Posts Tagged '#PressForProgress'

Our inspiring women for International Women’s Day 2018

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Women, peace and welfare FCMarch 8 sees both the publication of Ann Oakley’s Women, peace and welfare and International Women’s Day.

In the book, Ann tells the inspirational untold stories of women who’s work and vision of a more humane way of living have influenced social reform and welfare.

Watch Ann talk about the lives of the following inspirational women from her book by clicking the links below:

Emily Hobhouse, a British welfare campaigner and international pacifist;
Emily Balch, an economist who was who was sacked from her university for engaging in the international peace movement;
Aletta Jacobs, the first female Dutch physician;
Rosika Schwimmer, a Hungarian pacifist feminist.

Following Ann’s lead, we asked Policy Press staff and authors who their inspiring women are. Watch the slideshow above and read on for their reasons for their choices.

Our free journal articles for March also focus on research about women and gender. Find out more on our website.


Win a suffragette pincushion


We have ten suffragette pin cushions to give away. Tweet the name of your inspiring woman with the hashtag #policypressforprogress to be in with a chance to win one.


Our inspiring women


Mary_Wollstonecraft_by_John_Opie_(c._1797)Mary Wollstonecraft by Alison Shaw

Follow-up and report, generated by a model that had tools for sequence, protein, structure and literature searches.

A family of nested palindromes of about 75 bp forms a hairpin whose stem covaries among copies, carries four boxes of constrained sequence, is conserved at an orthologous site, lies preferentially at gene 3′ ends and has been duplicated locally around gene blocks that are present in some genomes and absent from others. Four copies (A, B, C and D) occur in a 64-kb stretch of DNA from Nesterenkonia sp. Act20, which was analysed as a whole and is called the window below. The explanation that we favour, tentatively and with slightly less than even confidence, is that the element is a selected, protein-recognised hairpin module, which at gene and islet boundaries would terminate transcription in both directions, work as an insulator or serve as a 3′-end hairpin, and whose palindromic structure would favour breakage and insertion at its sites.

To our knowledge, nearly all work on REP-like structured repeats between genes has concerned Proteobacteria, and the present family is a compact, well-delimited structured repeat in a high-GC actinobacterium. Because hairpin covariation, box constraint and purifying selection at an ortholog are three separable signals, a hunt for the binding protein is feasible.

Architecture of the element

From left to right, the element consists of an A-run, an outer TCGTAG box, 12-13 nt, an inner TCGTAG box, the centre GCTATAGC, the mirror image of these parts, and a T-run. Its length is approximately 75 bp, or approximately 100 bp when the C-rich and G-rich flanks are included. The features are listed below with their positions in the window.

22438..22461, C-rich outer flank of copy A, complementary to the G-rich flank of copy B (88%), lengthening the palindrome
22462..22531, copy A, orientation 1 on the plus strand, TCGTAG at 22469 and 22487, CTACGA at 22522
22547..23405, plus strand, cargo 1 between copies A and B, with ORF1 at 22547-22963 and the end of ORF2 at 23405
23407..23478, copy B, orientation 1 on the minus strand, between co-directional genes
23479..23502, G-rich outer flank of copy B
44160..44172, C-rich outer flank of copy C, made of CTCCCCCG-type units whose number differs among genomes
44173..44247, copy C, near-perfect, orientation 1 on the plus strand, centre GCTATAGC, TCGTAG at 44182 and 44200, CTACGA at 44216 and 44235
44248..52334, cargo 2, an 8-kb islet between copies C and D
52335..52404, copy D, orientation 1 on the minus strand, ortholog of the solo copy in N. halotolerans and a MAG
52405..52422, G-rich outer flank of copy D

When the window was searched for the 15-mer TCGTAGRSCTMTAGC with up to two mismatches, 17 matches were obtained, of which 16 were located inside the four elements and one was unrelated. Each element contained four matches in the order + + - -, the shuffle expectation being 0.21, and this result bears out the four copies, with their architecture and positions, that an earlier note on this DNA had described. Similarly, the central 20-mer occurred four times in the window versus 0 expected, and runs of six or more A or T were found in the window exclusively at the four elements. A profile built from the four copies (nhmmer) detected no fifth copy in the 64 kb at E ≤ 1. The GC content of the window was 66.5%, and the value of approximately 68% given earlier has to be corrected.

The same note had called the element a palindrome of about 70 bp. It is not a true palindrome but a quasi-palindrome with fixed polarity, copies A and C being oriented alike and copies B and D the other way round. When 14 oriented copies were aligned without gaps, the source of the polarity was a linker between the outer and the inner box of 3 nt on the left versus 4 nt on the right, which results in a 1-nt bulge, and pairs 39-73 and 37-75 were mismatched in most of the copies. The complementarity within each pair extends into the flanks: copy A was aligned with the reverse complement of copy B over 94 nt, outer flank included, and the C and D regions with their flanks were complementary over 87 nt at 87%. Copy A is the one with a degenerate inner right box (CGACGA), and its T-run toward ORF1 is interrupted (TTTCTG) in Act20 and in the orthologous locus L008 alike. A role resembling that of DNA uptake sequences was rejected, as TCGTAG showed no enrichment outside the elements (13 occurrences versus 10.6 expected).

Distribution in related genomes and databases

Mary Wollstonecraft, author of A Vindication of the Rights of Woman (1792) said “It is justice, not charity, that is wanting in the world”.

I am not someone who really ‘feels’ history, and I am drawn to contemporary writing, but finding Mary Wollstonecraft’s book was a rare exception. A Vindication of the Rights of Woman was one of the earliest works of feminist philosophy. She challenged the view that women were ‘ornaments or property to be traded in marriage’ and that they deserved the same fundamental rights as men. Mary argued that women were not naturally inferior to men, but appear to be only because they lack education and provided concrete plans for a national education service. Her stance is one of social justice, something that has been a major part of my world view since reading her work 35 years ago.

“Her stance is one of social justice, something that has been a major part of my world view since reading her work 35 years ago.”

Her influence has echoed down the ages and she inspired many critical thinkers from Virginia Woolf to Amartya Sen. She died young, aged 38, just after giving birth to her second daughter who became Mary Shelley, author of Frankenstein  (Rebecca Tomlinson’s choice below!).

Image: John Opie [Public domain], via Wikimedia Commons


Asma_Jahangir_Four_Freedoms_Awards_2010Asma Jahangir by Helen Kara

Asma Jahangir was an activist in Pakistan, a country with an appalling record of oppressing women. Born in 1952, she became a lawyer in 1980 and co-founded Pakistan’s first all-women law firm. She defended women facing criminal charges as a result of being raped, choosing their husbands independently, or seeking a divorce from a violent man.